Sub-Saharan Africa: A Rising Economic Frontier?

July 2023

The report analyses the economic state of Sub-Saharan Africa. It seeks to assess the opportunities in the region against the backdrop of its young, large and fast-growing population, as well as the bottlenecks Sub-Saharan Africa faces, including widespread corruption, infrastructure challenges and skills shortages. It ends with some key business takeaways for Sub-Saharan Africa and concludes on the region’s potential as a rising global economic frontier.

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This report comes in PPT.

Key findings

A rising economic frontier with uneven growth

Sub-Saharan Africa is a rising frontier, but economic growth will remain uneven across the region as countries will remain at varying stages of development. While GDP is forecast to more than double in real terms over 2022-2040 in Sub-Saharan Africa, most of the progress will arise from East Africa which is set to become one of the fastest-growing regions in the world.

Sub-Saharan Africa remains a small economy despite its large population

In 2022, Sub-Saharan Africa accounted for 15% of the global population, yet its economic footprint was lower, generating just 2% of GDP. An overly large dependence on less productive sectors of the economy, especially agriculture, inhibits economic growth.

Critical challenges are holding back progress

Sub-Saharan Africa remains mired in corruption, macroeconomic instability and poor infrastructure, among other challenges. This greatly reduces the region’s ability to progress and improve the standard of living of its population. In 2022, more than half of the urban population was living in slums, while poverty remains rife.

However, the region does present significant, opportunities

Sub-Saharan Africa presents numerous opportunities which include the region’s digital economy, green economy, natural resources, consumption potential and improving value chains. Its large, young and growing urban population will supplement the region’s labour force and will help it capitalise on its large demographic dividend. 

Commercial entry strategies require careful due diligence

Sub-Saharan Africa remains a heterogenous economy with countries at different stages of development. Yet a uniting factor is that many are endowed with relatively weak economic environments. Commercial strategies will require careful due diligence, including prioritising economic stability over high growth and building a diverse portfolio to mitigate risk.

Key findings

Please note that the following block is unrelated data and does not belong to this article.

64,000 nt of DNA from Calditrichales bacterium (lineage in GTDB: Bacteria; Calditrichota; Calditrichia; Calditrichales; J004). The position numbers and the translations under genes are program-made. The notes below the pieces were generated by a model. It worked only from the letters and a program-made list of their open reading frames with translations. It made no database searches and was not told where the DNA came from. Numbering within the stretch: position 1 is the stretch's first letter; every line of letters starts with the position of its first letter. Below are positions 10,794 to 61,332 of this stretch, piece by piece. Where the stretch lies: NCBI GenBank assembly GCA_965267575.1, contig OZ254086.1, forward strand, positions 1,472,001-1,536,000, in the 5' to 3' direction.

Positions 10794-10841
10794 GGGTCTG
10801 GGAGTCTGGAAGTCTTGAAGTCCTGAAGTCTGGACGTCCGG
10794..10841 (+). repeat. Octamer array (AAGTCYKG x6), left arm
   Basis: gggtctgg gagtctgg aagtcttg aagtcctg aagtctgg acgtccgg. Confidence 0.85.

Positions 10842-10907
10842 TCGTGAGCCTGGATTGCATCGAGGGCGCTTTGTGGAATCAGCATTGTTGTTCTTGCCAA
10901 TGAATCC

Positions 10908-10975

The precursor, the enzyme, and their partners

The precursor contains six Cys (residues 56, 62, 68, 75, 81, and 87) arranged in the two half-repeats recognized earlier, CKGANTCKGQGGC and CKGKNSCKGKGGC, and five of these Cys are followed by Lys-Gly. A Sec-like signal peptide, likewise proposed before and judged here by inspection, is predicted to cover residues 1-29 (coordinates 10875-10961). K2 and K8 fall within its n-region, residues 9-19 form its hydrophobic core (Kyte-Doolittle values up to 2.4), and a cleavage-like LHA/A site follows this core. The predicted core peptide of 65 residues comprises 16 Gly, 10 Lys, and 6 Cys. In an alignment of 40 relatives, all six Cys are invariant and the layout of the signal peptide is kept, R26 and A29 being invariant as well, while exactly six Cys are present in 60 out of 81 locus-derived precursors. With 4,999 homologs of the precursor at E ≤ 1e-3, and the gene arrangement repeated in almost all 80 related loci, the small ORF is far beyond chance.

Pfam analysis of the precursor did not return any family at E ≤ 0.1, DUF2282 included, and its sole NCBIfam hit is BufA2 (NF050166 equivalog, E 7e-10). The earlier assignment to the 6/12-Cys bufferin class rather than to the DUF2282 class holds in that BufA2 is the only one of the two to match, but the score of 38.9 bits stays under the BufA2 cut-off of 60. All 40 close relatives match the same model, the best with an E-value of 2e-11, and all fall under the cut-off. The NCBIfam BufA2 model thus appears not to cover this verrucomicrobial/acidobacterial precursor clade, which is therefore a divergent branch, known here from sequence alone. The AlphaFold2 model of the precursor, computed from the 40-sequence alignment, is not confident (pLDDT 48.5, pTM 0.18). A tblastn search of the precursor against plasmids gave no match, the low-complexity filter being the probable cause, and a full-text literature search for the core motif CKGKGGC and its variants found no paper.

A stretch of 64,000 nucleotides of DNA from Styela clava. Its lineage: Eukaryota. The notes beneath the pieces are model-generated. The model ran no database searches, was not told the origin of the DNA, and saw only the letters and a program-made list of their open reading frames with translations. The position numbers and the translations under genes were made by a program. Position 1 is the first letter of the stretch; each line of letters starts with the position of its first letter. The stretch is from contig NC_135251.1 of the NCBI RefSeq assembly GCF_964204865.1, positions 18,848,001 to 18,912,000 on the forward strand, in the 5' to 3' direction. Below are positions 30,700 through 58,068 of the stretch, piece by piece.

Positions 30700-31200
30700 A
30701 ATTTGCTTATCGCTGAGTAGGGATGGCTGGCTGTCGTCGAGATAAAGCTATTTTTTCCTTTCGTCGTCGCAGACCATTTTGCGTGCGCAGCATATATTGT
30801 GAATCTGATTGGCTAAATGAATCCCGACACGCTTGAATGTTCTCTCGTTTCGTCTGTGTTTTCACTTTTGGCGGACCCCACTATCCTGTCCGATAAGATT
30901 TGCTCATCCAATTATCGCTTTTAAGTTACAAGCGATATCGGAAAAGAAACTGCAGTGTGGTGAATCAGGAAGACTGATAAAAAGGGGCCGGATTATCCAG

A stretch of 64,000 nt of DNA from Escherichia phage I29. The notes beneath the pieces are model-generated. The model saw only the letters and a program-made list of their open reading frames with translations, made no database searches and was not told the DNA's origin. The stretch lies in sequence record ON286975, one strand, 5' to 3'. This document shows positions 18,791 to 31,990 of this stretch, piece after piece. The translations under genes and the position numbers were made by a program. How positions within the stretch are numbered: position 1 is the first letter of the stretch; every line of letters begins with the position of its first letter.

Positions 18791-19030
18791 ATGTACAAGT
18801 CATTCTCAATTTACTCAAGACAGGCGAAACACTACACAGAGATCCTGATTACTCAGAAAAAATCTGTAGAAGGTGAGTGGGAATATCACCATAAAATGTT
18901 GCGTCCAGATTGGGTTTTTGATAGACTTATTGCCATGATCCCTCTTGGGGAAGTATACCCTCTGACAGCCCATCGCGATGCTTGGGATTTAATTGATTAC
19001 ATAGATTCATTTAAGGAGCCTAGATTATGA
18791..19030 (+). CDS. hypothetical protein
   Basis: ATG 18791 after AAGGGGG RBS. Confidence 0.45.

Why focus on Sub-Saharan Africa?
Sub-Saharan Africa in 2022 and 2040
Economic progress of the 2000s undone by a myriad of adverse factors since the mid-2010s
Sub-Saharan Africa could have been USD700 billion richer based on growth trends pre-2015
Nonetheless, some countries have continued to deliver strong economic growth since 2015
Regional economic balance has been shifting from South to East and West Africa
Low wealth has curbed Sub-Saharan Africa’s progress in raising living standards
Business registrations have surged in Sub-Saharan Africa, but business density remains low
Sub-Saharan Africa has been the fastest urbanising region but remains largely rural
Economic : Diversification is needed to improve macroeconomic stability
Political: Sub-Saharan Africa remains entrenched in corruption despite improvements
Environmental: Food insecurity needs to be addressed in the face of climate change
Social: Poverty and inequality remain bottlenecks to future growth in Sub-Saharan Africa
Other key challenges
Areas of opportunity in Sub-Saharan Africa
Digital economy: Sub-Saharan Africa is accelerating its digital transformation
Digital economy: High proportion of the unbanked offers opportunities for fintech providers
Case study: Raxio to build seven data centres in Sub-Saharan Africa to boost digitalisation
Green economy: Focus on green energy can be a driver and enabler of economic growth
Green economy: Green Bonds can provide financing for climate-related projects
Green bonds finance Angola’s largest ever solar power project
Natural resources: Sustainability shift can offer opportunities to tap natural resources
Case study: MMG to expand mining operations in Democratic Republic of the Congo
Case study: BHP Group invests USD100 million in Tanzania’s nickel mining industry
Consumer spending: Large opportunities to grow modern and informal retailing
Case study: Carrefour opens its first hypermarket in Cameroon
Case study: Wasoko provides more efficient access for small informal retailers
Value chains: AfCFTA can promote regional trade integration in Sub-Saharan Africa
Value chains: Sub-Saharan Africa can be a key intermediary in manufacturing value chains
Case study: Stellantis reaches a preliminary agreement for a production site in South Africa
Case study: Atlantic Group seeks to build a cocoa processing plant worth USD108 million
By 2040, Sub-Saharan Africa is to more than double its GDP but will remain a fringe economy
South Africa and Nigeria are to see their influence fade amid growth in other economies
East Africa is expected to overtake southern Africa as the second largest regional economy
Sub-Saharan Africa is expected to account for one third of global urban population growth
Sub-Saharan Africa spending to grow, but will remain low relative to other global markets
Top five recommendations for commercial success in Sub-Saharan Africa
Sub-Saharan Africa is a rising economic frontier, but has several obstacles to overcome


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